Disruption of crosstalk between mesenchymal stromal and tumor cells in bone marrow as a therapeutic target to prevent metastatic bone disease.
Skeletal metastasis is a serious complication of many primary cancers. A common feature of tumor cells that metastasize to the bone marrow microenvironment is that they initiate a cascade of events, recruiting and presumably/potentially altering the phenotype of bone marrow mesenchymal stromal cells (MSC) to produce an environment that allows for tumor growth and in some cases, drug-resistant dormancy of latent cancer cells. Consequently the MSC population can contribute to metastatic disease through several distinct mechanisms by differentiating into cancer-associated fibroblasts (CAFs). Understanding the expression and epigenetic changes that occur as normal MSCs become associated with metastatic tumors would reveal possible therapeutic targets for treating skeletal metastasis.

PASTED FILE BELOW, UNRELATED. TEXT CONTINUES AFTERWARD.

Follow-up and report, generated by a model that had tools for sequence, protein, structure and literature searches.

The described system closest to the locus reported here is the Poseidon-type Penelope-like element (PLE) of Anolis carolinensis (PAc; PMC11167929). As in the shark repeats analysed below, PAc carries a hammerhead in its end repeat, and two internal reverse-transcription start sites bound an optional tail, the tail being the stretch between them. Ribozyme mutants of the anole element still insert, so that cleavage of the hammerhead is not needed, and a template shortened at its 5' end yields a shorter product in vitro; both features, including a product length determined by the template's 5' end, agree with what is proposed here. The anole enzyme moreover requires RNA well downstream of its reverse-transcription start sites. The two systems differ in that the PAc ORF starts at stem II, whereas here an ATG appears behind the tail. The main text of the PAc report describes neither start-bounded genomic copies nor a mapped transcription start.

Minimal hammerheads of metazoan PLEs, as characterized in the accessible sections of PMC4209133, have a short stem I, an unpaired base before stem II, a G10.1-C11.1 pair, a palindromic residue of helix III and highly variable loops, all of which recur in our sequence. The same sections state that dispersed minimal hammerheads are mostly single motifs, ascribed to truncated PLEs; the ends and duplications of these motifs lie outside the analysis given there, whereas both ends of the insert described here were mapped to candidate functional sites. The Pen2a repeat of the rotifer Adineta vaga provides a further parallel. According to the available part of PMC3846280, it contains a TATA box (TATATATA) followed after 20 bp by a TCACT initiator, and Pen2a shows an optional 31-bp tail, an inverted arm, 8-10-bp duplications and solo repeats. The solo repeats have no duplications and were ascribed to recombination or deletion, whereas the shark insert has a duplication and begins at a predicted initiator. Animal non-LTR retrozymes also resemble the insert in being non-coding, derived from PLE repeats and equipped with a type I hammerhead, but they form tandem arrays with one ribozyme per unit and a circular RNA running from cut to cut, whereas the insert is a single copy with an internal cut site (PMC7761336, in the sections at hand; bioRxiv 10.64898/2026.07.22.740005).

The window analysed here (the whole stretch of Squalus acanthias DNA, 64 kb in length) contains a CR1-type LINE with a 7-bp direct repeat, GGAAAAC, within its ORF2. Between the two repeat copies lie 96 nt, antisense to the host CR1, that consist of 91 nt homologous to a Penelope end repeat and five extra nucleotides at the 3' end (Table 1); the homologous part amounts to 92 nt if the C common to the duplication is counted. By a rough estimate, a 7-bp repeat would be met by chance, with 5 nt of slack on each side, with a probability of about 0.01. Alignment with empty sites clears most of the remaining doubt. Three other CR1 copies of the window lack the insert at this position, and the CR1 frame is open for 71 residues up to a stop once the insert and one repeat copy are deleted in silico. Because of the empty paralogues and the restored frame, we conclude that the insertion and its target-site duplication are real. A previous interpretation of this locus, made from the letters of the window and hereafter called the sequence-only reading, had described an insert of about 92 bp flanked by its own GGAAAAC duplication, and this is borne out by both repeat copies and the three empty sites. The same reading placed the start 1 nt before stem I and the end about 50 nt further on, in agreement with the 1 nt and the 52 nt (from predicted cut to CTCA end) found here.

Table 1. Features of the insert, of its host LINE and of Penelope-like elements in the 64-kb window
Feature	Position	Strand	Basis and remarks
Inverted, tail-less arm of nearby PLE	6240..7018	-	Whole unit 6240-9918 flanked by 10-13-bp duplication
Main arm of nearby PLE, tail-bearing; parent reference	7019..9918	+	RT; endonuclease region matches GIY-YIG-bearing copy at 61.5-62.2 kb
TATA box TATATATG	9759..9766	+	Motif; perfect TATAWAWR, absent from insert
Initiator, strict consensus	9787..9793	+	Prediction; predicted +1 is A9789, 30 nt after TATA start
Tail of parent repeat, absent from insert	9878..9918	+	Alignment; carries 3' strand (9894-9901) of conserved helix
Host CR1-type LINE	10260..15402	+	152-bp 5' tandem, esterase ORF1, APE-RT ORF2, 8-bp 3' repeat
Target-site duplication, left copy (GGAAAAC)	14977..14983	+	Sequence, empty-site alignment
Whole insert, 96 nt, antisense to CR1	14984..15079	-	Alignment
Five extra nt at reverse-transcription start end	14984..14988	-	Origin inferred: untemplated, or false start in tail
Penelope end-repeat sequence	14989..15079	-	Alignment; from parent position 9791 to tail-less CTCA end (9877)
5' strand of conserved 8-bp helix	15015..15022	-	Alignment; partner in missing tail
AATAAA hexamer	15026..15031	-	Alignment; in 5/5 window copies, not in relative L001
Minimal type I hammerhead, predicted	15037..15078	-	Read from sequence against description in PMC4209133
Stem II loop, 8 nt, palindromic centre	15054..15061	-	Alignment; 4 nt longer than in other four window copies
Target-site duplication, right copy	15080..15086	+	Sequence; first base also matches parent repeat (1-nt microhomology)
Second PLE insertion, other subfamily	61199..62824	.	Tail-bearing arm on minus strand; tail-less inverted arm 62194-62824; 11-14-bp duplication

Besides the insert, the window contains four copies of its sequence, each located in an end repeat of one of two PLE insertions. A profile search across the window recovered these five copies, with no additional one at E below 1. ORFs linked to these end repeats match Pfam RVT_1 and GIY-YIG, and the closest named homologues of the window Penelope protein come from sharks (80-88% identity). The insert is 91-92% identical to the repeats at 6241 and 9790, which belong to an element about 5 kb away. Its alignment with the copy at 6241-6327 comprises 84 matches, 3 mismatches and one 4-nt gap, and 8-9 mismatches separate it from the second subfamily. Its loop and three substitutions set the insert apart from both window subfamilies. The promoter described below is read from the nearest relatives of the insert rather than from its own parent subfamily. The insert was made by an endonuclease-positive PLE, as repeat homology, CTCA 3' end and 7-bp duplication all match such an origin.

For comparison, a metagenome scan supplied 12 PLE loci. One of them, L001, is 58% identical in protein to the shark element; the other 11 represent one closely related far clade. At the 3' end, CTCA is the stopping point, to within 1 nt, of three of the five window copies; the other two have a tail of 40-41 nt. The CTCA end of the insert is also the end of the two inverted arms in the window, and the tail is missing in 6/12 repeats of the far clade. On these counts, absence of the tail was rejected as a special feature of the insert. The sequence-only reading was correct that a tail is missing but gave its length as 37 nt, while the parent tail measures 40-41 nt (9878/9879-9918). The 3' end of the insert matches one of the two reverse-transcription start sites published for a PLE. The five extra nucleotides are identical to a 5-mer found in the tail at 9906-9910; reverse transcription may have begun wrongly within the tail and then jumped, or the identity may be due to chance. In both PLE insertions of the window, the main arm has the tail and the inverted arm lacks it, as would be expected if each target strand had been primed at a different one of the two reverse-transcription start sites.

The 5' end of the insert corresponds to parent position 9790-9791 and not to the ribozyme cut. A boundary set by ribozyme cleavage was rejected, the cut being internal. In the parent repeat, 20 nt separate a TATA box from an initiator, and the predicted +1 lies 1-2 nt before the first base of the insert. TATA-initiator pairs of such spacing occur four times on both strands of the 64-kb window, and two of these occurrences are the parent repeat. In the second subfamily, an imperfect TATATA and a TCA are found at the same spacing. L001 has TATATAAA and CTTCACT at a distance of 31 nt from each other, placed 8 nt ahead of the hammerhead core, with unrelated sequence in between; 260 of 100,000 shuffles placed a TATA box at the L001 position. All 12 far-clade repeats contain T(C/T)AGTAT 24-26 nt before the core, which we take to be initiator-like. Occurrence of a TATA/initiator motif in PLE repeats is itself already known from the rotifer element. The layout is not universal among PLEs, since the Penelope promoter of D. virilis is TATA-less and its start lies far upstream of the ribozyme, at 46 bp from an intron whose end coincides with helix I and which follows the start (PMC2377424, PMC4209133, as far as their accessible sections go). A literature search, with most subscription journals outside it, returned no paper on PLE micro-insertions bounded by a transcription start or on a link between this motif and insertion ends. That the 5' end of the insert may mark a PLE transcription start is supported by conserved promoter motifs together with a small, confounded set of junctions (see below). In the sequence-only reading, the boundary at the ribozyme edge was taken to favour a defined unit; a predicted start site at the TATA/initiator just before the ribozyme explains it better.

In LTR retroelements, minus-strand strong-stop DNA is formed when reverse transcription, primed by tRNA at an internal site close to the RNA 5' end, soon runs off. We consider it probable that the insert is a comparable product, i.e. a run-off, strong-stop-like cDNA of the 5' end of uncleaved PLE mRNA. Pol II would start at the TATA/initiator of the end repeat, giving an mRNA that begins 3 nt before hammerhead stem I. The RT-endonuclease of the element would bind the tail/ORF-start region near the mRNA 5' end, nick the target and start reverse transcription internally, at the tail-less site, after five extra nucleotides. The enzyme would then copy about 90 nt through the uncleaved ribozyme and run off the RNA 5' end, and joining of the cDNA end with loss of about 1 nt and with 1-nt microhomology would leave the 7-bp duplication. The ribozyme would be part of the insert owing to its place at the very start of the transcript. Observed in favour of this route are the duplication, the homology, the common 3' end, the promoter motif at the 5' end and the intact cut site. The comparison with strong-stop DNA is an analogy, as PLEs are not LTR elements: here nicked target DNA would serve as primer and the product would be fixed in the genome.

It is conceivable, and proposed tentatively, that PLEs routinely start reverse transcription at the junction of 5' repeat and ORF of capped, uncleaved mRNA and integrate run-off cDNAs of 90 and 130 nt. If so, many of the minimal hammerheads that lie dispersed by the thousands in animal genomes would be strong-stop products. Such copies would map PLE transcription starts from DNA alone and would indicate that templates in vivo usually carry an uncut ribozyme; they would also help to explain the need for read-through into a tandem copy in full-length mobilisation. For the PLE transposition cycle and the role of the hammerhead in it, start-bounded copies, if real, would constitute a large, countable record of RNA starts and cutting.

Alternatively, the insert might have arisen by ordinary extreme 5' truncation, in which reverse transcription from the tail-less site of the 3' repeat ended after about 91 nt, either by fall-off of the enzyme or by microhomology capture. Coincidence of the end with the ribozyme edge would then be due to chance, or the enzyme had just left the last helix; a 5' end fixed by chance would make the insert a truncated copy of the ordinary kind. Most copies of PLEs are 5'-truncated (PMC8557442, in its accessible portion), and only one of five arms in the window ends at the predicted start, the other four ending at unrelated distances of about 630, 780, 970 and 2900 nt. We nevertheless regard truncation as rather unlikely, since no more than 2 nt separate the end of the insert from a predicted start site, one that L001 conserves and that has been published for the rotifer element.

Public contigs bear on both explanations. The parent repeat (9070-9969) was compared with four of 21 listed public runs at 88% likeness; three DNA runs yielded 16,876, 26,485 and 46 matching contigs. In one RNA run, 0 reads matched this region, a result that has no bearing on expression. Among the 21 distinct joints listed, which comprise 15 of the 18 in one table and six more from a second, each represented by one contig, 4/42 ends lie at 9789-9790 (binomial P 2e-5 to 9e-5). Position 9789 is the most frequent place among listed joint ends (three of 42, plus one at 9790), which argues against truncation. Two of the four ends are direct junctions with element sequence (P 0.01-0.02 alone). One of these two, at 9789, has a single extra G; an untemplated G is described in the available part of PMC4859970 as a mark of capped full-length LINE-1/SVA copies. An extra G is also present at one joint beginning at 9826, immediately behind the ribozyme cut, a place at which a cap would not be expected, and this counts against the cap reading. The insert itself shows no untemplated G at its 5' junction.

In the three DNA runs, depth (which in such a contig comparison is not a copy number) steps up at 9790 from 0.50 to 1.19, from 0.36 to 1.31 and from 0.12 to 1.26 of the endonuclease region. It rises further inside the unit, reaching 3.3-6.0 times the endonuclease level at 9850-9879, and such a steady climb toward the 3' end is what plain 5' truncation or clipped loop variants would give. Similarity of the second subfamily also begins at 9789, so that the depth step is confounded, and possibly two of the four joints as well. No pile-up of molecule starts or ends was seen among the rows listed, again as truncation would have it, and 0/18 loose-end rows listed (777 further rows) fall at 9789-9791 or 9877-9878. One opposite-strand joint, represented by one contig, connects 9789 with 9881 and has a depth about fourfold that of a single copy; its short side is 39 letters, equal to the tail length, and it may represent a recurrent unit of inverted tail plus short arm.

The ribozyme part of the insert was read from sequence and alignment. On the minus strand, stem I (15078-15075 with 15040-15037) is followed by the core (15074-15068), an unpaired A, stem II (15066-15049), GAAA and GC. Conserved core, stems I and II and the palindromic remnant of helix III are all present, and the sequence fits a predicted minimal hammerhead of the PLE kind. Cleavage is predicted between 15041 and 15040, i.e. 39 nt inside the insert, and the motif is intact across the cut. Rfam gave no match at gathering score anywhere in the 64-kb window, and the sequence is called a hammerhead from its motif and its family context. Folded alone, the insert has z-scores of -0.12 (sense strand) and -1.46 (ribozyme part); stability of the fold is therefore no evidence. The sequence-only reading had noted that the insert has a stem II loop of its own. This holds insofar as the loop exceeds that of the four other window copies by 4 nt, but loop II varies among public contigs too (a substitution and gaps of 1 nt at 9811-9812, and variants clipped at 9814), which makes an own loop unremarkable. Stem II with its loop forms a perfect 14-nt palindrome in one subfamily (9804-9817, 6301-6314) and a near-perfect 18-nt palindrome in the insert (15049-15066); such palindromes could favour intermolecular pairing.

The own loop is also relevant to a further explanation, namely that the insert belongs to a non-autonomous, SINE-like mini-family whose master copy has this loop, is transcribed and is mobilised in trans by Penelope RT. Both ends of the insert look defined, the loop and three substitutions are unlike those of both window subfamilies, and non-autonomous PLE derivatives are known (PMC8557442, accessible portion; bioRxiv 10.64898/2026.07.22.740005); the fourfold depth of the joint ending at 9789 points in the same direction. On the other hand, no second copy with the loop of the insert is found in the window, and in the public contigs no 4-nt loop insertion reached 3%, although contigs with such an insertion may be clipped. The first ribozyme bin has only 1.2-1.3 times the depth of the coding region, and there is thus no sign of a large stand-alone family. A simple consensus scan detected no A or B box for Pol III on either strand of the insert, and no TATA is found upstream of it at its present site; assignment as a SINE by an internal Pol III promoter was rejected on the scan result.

Gordon, JAR; Lisle, JW; Alman, BA; Lian, JB
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